Soon after IBM introduced modern mainframes, it became apparent that the mainframe needed to interact with human operators and perform general business processing in real time. This required a different kind of processing involving short and fast units of work that interacted with a screen–called transaction processing. A little later, someone added the idea of data integrity and atomic transactions to the feature set. IBM created two distinct types of transaction processors to meet these needs; the Customer Information Control System (CICS) and Information Management Systems/Transaction Manager (IMS/TM). To manage, protect and organize data, Information Management System/Database (IMS/DB) and DB2 were born. This tip highlights the history and explains the advantages and disadvantages of these popular systems.
Customer Information Control System (CICS)
CICS began life in 1968 as a free online processing system targeted for utility companies. At first, it supported only Assembler programs, but IBM added COBOL and PL/1 a couple of years later. True to its Assembler roots, CICS’ original application programming interface (API) used macros, even for higher-level languages, which looked kind of weird. In the late '70s, IBM introduced the command-level interface, which gradually replaced the macro API. The command API remains the foundation of the product to this day.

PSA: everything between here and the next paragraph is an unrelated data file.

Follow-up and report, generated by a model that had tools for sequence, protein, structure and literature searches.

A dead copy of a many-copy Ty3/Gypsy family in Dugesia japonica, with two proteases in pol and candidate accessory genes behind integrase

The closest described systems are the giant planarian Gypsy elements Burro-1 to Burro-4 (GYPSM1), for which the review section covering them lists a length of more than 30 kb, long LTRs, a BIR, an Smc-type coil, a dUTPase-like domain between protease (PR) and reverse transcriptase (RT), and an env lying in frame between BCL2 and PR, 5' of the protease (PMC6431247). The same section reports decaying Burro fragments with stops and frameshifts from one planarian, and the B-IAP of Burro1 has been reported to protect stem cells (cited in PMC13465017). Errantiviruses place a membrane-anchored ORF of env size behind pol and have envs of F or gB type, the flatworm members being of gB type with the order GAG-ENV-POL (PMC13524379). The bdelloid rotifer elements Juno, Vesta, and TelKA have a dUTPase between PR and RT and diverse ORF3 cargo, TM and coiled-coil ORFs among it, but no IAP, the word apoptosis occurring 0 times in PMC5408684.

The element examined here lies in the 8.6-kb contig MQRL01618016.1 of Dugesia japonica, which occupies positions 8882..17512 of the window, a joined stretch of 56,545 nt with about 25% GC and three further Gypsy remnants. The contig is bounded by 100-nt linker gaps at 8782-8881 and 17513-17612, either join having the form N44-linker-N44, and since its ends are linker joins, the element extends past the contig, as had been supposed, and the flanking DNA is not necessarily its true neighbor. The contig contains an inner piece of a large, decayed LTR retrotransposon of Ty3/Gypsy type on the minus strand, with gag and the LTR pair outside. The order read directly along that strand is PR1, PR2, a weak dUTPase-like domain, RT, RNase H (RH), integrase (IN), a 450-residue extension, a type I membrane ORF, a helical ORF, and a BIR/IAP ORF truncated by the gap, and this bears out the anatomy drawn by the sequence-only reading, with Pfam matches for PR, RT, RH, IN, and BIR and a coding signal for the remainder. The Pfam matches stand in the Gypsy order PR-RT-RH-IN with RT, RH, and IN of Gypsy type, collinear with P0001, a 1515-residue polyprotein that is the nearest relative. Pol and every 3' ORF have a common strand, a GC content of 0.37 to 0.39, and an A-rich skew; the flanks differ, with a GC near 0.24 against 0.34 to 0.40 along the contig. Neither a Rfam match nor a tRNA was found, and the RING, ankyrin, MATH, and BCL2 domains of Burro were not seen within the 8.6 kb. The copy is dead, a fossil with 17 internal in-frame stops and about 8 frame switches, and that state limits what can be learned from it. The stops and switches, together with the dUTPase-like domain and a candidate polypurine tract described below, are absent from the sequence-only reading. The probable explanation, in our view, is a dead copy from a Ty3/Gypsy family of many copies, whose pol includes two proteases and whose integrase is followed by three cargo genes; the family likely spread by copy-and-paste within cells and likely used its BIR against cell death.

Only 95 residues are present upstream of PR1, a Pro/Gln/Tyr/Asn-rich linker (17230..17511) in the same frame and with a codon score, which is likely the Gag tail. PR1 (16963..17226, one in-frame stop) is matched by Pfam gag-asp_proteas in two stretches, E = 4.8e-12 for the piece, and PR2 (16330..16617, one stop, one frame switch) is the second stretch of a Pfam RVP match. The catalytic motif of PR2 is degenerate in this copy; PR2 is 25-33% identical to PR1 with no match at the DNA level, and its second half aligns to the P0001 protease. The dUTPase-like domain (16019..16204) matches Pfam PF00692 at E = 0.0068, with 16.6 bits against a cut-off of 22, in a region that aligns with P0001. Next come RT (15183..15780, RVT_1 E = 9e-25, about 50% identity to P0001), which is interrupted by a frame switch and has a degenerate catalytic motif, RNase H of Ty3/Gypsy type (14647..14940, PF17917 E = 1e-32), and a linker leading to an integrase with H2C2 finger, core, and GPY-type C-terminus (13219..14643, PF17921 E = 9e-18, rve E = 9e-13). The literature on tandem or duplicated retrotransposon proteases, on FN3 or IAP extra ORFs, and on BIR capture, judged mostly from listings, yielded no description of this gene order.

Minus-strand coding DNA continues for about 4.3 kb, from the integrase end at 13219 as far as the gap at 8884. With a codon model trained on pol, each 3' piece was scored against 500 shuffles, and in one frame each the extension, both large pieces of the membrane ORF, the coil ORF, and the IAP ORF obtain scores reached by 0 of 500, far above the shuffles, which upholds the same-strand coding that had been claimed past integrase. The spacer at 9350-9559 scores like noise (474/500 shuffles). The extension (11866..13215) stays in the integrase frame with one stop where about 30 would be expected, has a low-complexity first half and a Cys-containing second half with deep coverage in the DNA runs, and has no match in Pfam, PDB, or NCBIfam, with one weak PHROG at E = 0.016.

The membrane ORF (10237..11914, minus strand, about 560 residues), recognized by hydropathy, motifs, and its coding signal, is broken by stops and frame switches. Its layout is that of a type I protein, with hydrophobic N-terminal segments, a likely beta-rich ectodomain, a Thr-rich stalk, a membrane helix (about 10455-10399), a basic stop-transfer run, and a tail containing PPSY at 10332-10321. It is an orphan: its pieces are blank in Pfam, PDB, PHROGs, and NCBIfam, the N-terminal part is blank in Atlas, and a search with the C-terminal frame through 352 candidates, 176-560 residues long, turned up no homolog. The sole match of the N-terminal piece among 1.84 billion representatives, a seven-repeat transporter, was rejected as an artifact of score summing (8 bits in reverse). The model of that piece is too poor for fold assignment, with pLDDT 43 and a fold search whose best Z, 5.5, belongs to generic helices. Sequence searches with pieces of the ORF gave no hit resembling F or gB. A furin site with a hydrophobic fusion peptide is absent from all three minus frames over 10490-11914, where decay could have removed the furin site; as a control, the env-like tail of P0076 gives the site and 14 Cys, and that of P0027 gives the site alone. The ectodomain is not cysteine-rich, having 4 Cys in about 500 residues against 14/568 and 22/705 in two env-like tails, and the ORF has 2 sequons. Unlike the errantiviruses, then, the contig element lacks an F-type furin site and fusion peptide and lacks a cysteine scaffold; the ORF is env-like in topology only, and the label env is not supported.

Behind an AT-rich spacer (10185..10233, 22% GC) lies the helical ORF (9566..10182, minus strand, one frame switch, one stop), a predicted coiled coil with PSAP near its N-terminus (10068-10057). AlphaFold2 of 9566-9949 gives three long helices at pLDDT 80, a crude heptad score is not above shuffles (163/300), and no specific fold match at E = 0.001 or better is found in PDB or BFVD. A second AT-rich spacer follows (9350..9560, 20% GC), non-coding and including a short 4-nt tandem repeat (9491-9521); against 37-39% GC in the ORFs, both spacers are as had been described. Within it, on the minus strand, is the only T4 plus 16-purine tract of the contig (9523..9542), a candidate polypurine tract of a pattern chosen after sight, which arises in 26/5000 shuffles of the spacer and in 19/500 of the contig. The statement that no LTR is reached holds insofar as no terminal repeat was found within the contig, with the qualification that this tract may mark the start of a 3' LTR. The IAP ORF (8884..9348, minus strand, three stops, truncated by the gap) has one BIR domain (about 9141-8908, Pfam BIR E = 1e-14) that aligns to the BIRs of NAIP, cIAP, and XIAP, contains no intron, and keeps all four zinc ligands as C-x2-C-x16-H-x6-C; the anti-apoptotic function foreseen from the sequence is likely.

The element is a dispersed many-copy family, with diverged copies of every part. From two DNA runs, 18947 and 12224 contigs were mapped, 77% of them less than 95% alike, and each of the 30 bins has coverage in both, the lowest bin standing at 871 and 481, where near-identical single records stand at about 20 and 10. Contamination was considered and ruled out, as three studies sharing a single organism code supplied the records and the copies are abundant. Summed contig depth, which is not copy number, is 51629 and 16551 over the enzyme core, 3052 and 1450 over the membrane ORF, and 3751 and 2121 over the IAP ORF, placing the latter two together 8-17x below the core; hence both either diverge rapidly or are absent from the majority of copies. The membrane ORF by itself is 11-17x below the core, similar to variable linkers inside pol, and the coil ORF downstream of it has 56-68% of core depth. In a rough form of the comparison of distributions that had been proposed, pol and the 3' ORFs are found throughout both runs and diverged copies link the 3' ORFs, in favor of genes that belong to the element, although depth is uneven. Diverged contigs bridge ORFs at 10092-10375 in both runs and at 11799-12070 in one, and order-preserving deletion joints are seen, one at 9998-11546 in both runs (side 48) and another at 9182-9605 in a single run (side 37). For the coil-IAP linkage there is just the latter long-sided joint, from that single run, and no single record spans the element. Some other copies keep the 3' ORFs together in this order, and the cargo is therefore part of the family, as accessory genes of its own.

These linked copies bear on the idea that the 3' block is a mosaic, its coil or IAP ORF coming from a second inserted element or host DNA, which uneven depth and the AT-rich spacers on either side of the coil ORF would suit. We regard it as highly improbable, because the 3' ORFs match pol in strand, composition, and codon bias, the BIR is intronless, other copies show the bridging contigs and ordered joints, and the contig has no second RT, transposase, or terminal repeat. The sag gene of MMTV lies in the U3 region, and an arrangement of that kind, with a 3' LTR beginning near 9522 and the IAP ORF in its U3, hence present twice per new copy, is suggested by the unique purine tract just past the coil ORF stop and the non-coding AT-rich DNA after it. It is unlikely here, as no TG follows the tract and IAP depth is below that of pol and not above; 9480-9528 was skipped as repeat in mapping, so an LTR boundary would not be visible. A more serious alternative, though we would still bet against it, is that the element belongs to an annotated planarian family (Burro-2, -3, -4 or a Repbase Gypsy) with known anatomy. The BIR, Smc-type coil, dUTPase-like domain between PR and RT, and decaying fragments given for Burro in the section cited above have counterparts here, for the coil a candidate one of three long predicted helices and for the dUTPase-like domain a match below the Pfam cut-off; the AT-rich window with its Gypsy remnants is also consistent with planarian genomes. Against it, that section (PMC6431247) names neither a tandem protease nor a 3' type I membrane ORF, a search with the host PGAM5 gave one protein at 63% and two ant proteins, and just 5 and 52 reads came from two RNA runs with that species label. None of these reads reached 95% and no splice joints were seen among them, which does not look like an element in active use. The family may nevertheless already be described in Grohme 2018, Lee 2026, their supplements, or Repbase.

Along the way, CICS added support for Virtual Storage Access Method (VSAM) datasets, then IMS and DB2 database management systems (DBMS). It grew in power and flexibility with features such as multi-region operation (MRO), function shipping and dynamic transaction routing. The 21st century saw CICS move into the Internet age with support for service-oriented architecture (SOA), event processing and various Web 2.0 features.
Today, CICS is the mainframe’s most popular transaction processor. It runs on mainframe systems in more than 90% of Fortune 500 companies, powering ATMs, green screens and webpages the world over.
- Can do a lot of work in a small footprint. A single CICS address space can execute millions of transactions while utilizing relatively few resources.
- MRO, coupled with dynamic routing, makes distributed, high-availability solutions easy to implement.
- Can work with major DBMSs as well as flat files and VSAM.
- Supports SNA, TCP/IP, SOA and has an External Call Interface from non-CICS environments
- Can expose legacy systems for SOA
- Cooperative processing environment means all transactions must play nicely, or the CICS address space may bog down or become disrupted.